Michael Pollan is the author of five books: Second Nature, A Place of My Own, The Botany of Desire, which received the Borders Original Voices Award for the best nonfiction work of 2001 and was recognized as a best book of the year by the American Booksellers Association and Amazon, and the national bestellers, The Omnivore's Dilemma, and In Defense of Food.
A longtime contributing writer to The New York Times Magazine, Pollan is also the Knight Professor of Journalism at UC Berkeley. His writing on food and agriculture has won numerous awards, including the Reuters/World Conservation Union Global Award in Environmental Journalism, the James Beard Award, and the Genesis Award from the American Humane Association.
Pollan provides another shocking yet essential treatise on the industrialized "Western diet" and its detrimental effects on our bodies and culture. Here he lays siege to the food industry and scientists' attempts to reduce food and the cultural practices of eating into bite-size concepts known as nutrients, and contemplates the follies of doing so. As an increasing number of Americans are overfed and undernourished, Pollan makes a strong argument for serious reconsideration of our eating habits and casts a suspicious eye on the food industry and its more pernicious and misleading practices. Listeners will undoubtedly find themselves reconsidering their own eating habits. Scott Brick, who narrated Pollan's The Omnivore's Dilemma, carries forward the same tone and consistency, thus creating a narrative continuity between the two books. Brick renders the text with an expert's skill, delivering well-timed pauses and accurate emphasis. He executes Pollan's asides and sarcasm with an uncanny ability that makes listening infinitely better than reading. So compelling is his tone, listeners may have trouble discerning whether Brick's conviction or talent drives his powerful performance. Simultaneous release with the Penguin Press hardcover (Reviews, Nov. 26). (Dec.) Copyright 2008 Reed Business Information.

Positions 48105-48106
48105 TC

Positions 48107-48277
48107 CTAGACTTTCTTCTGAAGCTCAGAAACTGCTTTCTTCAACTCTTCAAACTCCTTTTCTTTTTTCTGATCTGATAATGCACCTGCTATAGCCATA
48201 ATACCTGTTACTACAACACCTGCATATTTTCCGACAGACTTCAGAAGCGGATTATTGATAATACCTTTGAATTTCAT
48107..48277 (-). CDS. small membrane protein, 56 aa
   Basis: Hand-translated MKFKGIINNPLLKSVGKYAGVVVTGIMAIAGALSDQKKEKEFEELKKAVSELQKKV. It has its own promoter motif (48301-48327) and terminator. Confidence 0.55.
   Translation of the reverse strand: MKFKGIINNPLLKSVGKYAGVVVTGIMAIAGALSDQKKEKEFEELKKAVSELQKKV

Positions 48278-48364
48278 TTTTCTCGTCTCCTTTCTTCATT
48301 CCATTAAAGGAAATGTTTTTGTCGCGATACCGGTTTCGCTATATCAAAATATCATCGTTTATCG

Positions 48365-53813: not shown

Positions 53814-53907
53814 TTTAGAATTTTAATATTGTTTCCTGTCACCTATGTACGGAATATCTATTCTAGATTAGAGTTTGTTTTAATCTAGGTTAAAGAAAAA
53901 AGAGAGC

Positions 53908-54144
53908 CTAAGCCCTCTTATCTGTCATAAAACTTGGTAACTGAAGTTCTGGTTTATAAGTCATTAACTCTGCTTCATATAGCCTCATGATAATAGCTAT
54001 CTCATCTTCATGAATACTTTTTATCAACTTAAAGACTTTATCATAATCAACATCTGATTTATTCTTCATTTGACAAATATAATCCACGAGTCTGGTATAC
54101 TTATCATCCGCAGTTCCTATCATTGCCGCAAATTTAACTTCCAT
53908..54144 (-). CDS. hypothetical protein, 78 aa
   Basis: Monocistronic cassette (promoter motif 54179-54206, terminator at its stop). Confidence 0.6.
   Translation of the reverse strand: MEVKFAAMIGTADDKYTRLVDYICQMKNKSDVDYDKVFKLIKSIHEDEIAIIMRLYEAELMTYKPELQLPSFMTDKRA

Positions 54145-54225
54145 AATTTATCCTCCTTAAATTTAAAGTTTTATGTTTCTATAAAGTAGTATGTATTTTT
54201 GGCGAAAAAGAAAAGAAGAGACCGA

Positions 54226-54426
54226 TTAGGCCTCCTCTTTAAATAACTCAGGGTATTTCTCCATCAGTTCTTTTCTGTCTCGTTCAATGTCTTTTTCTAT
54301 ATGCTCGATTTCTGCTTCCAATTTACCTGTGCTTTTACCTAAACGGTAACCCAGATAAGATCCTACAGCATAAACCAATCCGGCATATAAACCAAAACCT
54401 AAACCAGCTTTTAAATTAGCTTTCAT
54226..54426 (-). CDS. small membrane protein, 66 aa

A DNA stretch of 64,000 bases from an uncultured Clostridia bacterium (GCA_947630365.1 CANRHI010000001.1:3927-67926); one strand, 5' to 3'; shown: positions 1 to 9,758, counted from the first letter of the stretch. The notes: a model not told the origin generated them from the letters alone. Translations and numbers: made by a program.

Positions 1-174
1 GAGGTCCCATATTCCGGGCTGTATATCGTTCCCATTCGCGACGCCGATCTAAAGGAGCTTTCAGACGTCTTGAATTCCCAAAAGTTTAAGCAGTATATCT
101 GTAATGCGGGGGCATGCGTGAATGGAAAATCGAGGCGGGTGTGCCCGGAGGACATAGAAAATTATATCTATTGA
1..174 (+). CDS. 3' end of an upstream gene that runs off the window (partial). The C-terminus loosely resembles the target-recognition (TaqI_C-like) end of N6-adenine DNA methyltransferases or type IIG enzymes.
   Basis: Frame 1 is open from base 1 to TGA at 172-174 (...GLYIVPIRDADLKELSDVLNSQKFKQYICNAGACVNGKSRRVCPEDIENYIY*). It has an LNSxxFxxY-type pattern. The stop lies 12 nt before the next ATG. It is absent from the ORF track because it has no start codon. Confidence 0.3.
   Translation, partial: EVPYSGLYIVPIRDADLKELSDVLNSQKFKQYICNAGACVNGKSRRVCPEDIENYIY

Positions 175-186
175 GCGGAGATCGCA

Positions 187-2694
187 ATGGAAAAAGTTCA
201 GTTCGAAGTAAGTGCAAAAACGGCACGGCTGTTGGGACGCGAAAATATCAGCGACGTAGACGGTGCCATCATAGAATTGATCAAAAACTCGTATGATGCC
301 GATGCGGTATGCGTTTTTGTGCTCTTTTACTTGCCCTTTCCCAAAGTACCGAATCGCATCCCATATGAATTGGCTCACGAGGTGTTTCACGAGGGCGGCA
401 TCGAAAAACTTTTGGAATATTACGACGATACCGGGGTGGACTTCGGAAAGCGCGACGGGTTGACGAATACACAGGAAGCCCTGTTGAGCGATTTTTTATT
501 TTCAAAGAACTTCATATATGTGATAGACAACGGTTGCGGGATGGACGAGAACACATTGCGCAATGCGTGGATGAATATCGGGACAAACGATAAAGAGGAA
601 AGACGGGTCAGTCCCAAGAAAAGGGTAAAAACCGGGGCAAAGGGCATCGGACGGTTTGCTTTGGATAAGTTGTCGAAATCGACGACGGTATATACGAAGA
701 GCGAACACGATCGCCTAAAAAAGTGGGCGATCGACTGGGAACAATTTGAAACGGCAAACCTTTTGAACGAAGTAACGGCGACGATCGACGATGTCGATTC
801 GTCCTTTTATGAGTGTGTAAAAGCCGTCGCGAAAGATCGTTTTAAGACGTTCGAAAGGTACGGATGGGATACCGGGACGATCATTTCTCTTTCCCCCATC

"Michael Pollan [is the] designated repository for the
nation's food conscience." -Frank Bruni, The New York
"In this slim, remarkable volume, Pollan builds a convincing case not only against that steak dinner but against the entire Western diet." -The Washington Post
"A tough, witty, cogent rebuttal to the proposition that food can be reduced to its nutritional components without the loss of something essential . . . [a] lively, invaluable book." -Janet Maslin, The New York Times
"What should I eat for dinner tonight? Here is Pollan's brilliant, succinct and nuanced answer to this question: 'Eat food. Not too much. Mostly plants.'" -Pittsburgh Post-Gazette
"In Defense of Food is written with Pollan's customary bite, ringing clarity and brilliance at connecting the dots." -The Seattle Times
"This is an important book, short but pithy, and, like the word 'food,' not simple at all." -New York Post
"With his lucid style and innovative research, Pollan deserves his reputation as one of the most respectable voices in the modern debate about food." -The Financial Times
This is essential reading for any discussion on the food industry and the detrimental effects of the American diet. Pollan rallies us to reconsider our eating habits. (c) Copyright 2011. Library Journals LLC, a wholly owned subsidiary of Media Source, Inc. No redistribution permitted.